A hallmark of cancer is its ability to evade the immune system. It is why researchers are focused on finding new strategies and targets to jumpstart the immune system so it can mount a response against tumors. One such target is the inhibitory receptor T-cell immunoglobulin and mucin domain 3 (TIM-3), a protein that is overexpressed in many different types of cancer and is associated with poor patient outcomes. It is known to block the activity of immune cells, such as dendritic cells, but how remains unclear. In a new article published in the journal Immunity, Moffitt Cancer Center researchers show that TIM-3 inhibits the STING signaling pathway in dendritic cells, thereby blocking their ability to elicit an immune response.
Dysregulation of the immune system is an important contributor to cancer development. Many new therapies target T cells to restimulate them to attack cancer cells. However, dysregulation of dendritic cells and other cells of the immune system can also contribute to the development of cancer. Dendritic cells are specialized cells that capture, process and display antigens, which are then recognized by T cells that become activated. Cancer patients often have dysregulated or lower dendritic cells levels, suggesting that approaches to augment their activity may be effective against cancer.
Previously, Moffitt researchers demonstrated that antibodies that block TIM-3 enhanced the activity of chemotherapy in mouse models of breast cancer, even though T cells in this model had very low levels of TIM-3. They also found that the effect of TIM-3 blocking antibodies was dependent on the presence of dendritic cells.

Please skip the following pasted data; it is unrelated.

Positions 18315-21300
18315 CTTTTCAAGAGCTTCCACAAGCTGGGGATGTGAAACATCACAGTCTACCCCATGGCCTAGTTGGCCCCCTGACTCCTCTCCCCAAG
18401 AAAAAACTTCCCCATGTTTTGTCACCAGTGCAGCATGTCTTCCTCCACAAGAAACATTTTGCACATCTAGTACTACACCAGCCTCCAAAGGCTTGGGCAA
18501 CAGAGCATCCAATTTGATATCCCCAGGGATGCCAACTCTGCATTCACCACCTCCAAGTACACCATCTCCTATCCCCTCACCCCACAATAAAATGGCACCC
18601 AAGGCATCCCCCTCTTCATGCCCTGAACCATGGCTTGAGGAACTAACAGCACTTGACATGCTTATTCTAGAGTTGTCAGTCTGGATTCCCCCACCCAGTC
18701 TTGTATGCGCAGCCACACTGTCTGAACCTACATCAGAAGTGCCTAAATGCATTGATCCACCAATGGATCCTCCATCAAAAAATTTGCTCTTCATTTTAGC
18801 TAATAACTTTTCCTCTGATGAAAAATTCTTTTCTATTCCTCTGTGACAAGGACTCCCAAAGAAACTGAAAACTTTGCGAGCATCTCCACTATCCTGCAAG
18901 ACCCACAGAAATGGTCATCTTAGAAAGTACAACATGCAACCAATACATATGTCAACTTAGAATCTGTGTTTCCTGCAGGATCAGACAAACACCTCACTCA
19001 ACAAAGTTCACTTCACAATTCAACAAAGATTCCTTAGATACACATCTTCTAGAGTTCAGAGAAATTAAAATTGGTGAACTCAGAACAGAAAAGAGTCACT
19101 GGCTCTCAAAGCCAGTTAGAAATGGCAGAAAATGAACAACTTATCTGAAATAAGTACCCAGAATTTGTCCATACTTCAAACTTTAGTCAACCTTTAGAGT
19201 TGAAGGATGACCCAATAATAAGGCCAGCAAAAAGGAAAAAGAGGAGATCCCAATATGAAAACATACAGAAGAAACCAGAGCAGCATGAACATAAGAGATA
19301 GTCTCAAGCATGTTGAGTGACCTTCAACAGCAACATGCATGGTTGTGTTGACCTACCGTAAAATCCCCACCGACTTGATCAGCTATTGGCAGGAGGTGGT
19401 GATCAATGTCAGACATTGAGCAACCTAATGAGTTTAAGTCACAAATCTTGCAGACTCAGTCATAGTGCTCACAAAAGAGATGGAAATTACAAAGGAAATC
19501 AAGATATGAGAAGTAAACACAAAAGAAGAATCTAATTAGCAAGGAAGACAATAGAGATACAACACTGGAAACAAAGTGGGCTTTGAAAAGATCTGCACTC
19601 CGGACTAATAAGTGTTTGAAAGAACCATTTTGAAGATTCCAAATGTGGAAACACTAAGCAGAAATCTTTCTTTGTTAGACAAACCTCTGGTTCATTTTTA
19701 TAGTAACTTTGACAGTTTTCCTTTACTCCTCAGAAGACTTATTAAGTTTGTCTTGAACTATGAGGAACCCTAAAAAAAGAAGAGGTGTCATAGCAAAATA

To further understand the role of TIM-3 in dendritic cells, the Moffitt team performed preclinical laboratory experiments in cell lines and mouse models. They discovered that TIM-3 inhibits activation of the cGAS-STING pathway and downstream immune cell activation. The cGAS-STING pathway is an important mediator of immune cell function and activators of STING can stimulate anti-tumor activity of immune cells. They found that TIM-3 was able to block activation of the STING pathway in dendritic cells by inhibiting the internalization of double-stranded DNA derived from tumor cell debris in the extracellular space. The researchers also confirmed that chemotherapy plus TIM-3 blockade effectively prevented tumor growth in mice, which was dependent on STING activity.
"Our results suggest that we can enhance T cell activity by targeting TIM-3 to activate the STING pathway in dendritic cells," said Brian Ruffell, Ph.D., associate member of the Department of Immunology at Moffitt. "While more research is needed, we believe understanding this process will help us develop combinations with anti-TIM-3 antibodies as a possible therapy for certain types of cancer."
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